The world's most beautiful mosques

The world's most beautiful mosques
Sat Dec 16, 2017 13:42:25

A new book by Rizzoli travels to the corners of the globe to find the architectural splendors of mosques

Raised amid historic Islamic architecture in Baku, Azerbaijan, interior designer Leyla Uluhanli’s appreciation for the architectural splendor of mosques began at a young age. This childhood exposure turned into a lifelong fascination, which has now lead to a comprehensive new guide to 53 of the world's most beautiful structures. Mosques: Splendors of Islam (Rizzoli, $75) explores places of both historic and contemporary places of worship from the Great Mosque of Córdoba in Spain to the minimalist Sancaklar Mosque in Istanbul. Architecture and design experts and scholars shed light on the architectural and ornamental elements and themes that distinguish Islamic architecture, as well as the components that are unique to each region. Read on to tour 10 incredible mosques around the globe.

Great Mosque of Paris (France)

The Great Mosque of Paris was founded in 1926 in the city’s 5th arrondissement. The building was designed in the Neo-Mudéjar style and references the architectural traditions of Spain and North Africa.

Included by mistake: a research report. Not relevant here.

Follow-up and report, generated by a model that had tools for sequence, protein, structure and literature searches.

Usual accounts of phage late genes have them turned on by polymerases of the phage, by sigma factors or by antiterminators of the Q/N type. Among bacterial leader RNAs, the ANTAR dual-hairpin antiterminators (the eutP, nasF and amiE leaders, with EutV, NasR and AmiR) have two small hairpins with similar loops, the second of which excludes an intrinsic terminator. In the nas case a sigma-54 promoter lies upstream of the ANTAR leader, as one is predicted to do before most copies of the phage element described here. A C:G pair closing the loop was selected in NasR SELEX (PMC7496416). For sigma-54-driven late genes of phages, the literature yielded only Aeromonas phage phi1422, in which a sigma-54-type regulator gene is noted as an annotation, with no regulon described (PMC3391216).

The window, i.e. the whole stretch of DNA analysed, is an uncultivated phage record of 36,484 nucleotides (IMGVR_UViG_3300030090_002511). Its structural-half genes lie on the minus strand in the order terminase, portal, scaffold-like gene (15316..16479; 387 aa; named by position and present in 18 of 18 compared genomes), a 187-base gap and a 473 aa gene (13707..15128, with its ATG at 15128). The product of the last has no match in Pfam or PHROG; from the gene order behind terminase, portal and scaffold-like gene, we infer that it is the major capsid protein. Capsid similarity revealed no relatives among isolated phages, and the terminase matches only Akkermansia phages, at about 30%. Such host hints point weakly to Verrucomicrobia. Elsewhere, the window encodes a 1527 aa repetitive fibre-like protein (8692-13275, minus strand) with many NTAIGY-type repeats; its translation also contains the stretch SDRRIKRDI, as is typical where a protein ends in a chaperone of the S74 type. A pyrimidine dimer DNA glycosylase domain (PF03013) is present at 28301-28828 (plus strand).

Shaykh Lotfollah Mosque (Isfahan, Iran)

Completed in 1618 or 1619, the Shaykh Lotfollah Mosque was built as a private royal place of worship and consists of a single domed chamber. The interior and exterior of the mosque are sheathed in exquisite tilework and 16 screened windows surround the domed ceiling, allowing light to filter in.


Al-Quds was built in the late seventh century and is considered one of the most important mosques in the world and the third holiest site in Islam. The structure was built on the platform known as the Noble Sanctuary or Temple Mount, which is considered to be the spot where the Prophet Muhammad began his night journey to heaven. Elaborate mosaics and marblework decorate the interior and exterior and a 780-foot-long Kufic inscription encircles the interior of the dome.

Qarawiyyin Mosque (Fes, Morocco)

The Qarawiyyin Mosque began as a small neighborhood place of worship and has been expanded and embellished for over a thousand years. The Court of the Lions, seen here, was added in the second half of the 14th century and features a marble fountain resting on 12 carved lions.

Masjid-i Nasir al-Mulk (Shiraz, Iran)

Known as the Pink Mosque for its extensive use of the rosy hue, the Masjid-i Nasir al-Mulk in Shiraz showcases exuberant and lavish decoration—a trait common in late 19th-century mosques. Intricate and colorful kashi tilework was used throughout the design, and the minarets give a nod to the bell towers of Europe.